Here in Georgia, hail happens. It’s a fact of life during both spring and fall and in some cases a hailstorm can be pretty destructive. We’ve seen hailstones as big as tennis balls!
How can you protect your roof from hail, and what do you need to know about the damage it can do? Here’s what your local roofers at Accent Roofing want you to know about what hail does to different kinds of roofing materials.
Asphalt Shingles: Hail takes its biggest toll on asphalt shingles, which also happen to be the most common roofing material used in the southeastern U.S. Shingles can be displaced or broken/cracked around their edges after a hailstorm. Invisible-but-serious damage can be caused if hailstones strip the granules off asphalt shingles without harming the shingles themselves; the granules are what protect the shingle structure from UV degradation and moisture intrusion.
Slate Tiles: For the most part, hailstones are no match for beautiful slate roof tiles, but we’ve seen damage occur during particularly strong storms! Hail can crack slate tiles themselves, but storm damage is more likely to cause them to simply break free of their fasteners and become loose. If a slate shingle randomly falls to the ground on a clear day, it might have been long-ago loosened by a hailstone.
Wood Shingles: Wood shingles are attractive but they’re not the most durable roofing material in existence. Hail can crack wood shingles along the grain which allows moisture to seep into and underneath the shingle itself. Ensuring wood shingles are properly sealed helps protect them against the effects of storms.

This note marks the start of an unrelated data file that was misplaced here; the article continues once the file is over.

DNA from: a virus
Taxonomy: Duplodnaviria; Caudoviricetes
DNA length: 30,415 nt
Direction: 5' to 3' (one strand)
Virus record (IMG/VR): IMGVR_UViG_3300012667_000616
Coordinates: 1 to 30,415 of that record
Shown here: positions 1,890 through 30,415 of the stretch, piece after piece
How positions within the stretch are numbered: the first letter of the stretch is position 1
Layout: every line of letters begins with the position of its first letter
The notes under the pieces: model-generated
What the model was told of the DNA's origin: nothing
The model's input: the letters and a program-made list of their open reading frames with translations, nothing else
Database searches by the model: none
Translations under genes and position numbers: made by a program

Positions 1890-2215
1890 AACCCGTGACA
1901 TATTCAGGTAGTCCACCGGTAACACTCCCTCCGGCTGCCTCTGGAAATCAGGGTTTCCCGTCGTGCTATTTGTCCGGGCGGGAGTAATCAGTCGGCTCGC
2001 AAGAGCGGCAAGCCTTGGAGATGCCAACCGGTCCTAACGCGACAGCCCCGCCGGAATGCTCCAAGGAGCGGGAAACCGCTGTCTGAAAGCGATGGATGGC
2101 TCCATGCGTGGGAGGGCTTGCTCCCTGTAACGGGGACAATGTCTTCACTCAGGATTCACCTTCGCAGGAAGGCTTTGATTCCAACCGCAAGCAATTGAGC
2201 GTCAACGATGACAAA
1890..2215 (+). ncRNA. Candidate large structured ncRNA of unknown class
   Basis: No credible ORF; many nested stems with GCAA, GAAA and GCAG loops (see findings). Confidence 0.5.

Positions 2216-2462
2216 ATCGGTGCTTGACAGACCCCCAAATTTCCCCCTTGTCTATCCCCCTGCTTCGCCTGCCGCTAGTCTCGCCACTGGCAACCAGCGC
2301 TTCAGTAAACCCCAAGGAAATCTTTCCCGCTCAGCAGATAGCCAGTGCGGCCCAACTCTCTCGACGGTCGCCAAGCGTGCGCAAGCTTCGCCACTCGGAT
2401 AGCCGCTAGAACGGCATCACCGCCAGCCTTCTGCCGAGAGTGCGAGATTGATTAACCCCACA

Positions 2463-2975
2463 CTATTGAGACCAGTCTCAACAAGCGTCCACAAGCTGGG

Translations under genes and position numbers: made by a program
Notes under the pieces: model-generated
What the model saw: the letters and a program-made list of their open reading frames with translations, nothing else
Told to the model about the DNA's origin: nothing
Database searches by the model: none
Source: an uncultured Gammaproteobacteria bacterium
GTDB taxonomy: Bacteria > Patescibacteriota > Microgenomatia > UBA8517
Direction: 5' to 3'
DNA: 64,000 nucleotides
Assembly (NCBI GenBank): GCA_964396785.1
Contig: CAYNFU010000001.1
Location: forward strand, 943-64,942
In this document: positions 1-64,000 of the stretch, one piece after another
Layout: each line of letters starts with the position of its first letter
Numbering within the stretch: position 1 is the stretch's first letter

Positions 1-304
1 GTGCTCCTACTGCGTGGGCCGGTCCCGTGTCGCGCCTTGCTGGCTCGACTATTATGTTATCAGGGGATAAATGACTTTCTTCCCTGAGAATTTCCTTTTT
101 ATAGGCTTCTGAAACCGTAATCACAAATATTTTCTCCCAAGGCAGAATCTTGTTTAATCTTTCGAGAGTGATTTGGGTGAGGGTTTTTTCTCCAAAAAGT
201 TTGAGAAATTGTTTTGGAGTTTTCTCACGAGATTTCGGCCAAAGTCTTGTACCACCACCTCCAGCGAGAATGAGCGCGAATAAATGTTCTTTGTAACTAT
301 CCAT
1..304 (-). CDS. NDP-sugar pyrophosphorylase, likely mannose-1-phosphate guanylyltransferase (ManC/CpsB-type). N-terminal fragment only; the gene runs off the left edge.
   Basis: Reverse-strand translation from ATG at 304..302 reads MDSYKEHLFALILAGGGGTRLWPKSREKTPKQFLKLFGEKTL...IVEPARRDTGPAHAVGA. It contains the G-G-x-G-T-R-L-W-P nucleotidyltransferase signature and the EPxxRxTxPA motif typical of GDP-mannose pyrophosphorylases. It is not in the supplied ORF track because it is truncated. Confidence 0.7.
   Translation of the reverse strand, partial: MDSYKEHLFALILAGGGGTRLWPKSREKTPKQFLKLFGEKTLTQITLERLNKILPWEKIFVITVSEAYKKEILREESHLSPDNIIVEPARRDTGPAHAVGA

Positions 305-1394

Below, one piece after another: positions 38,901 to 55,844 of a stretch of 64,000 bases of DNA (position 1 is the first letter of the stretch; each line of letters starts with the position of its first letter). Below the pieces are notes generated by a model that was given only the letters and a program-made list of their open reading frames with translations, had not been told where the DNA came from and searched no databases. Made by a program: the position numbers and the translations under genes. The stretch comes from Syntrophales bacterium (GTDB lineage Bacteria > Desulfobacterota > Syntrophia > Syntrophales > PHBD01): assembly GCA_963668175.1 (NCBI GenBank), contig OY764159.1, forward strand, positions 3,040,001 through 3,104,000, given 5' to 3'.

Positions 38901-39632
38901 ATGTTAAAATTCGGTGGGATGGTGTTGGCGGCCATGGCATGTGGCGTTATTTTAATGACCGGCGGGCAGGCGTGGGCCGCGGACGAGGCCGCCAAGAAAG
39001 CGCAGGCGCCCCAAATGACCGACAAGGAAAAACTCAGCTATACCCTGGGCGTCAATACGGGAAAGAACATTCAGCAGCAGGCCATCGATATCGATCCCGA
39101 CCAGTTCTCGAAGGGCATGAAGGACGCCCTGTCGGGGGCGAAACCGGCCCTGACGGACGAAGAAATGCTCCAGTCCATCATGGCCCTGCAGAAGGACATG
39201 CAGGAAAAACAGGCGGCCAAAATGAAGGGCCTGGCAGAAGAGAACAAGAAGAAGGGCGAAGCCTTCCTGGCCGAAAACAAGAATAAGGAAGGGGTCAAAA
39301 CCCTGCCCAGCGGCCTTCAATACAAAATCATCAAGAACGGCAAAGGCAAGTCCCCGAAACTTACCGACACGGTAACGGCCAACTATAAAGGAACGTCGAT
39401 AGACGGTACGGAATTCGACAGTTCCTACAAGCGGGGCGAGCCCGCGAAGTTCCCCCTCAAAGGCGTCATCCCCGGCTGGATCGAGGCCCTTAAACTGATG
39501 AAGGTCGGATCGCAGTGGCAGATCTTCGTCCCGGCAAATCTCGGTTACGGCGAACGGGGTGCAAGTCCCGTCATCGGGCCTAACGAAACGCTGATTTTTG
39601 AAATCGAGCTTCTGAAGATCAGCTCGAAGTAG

Skylights: As you might imagine, you don’t want to be standing under a skylight in the event of a hailstorm! Most modern skylights are glazed with a super-strong top layer to prevent cracking or chips, but it’s not impossible for a hailstone to damage a skylight (or even an exterior window.)
Gutters: Gutters are some of the most underrepresented victims of hailstorms. Your gutter system is integral to the overall performance of your roof and it works best when all its components are aligned perfectly. Hailstones can knock gutters off of their hangars, dent gutters and gutter forms, and move debris around in a way that clogs gutters over time.
What to do After a Hail Storm
If a hail storm has come and gone, the first thing you should do is take a walk around your property. Look for signs of visible damage such as missing shingles or broken windows, but don’t assume that just because you don’t see anything, no damage was incurred.
After any size hail event, it’s always best to call in a roofing professional for a comprehensive inspection. Some roof damage caused by hail is impossible to detect from the ground but can lead to long-term issues down the road. Don’t let a forgotten hail storm lead to leaks in your attic weeks or even months from now.
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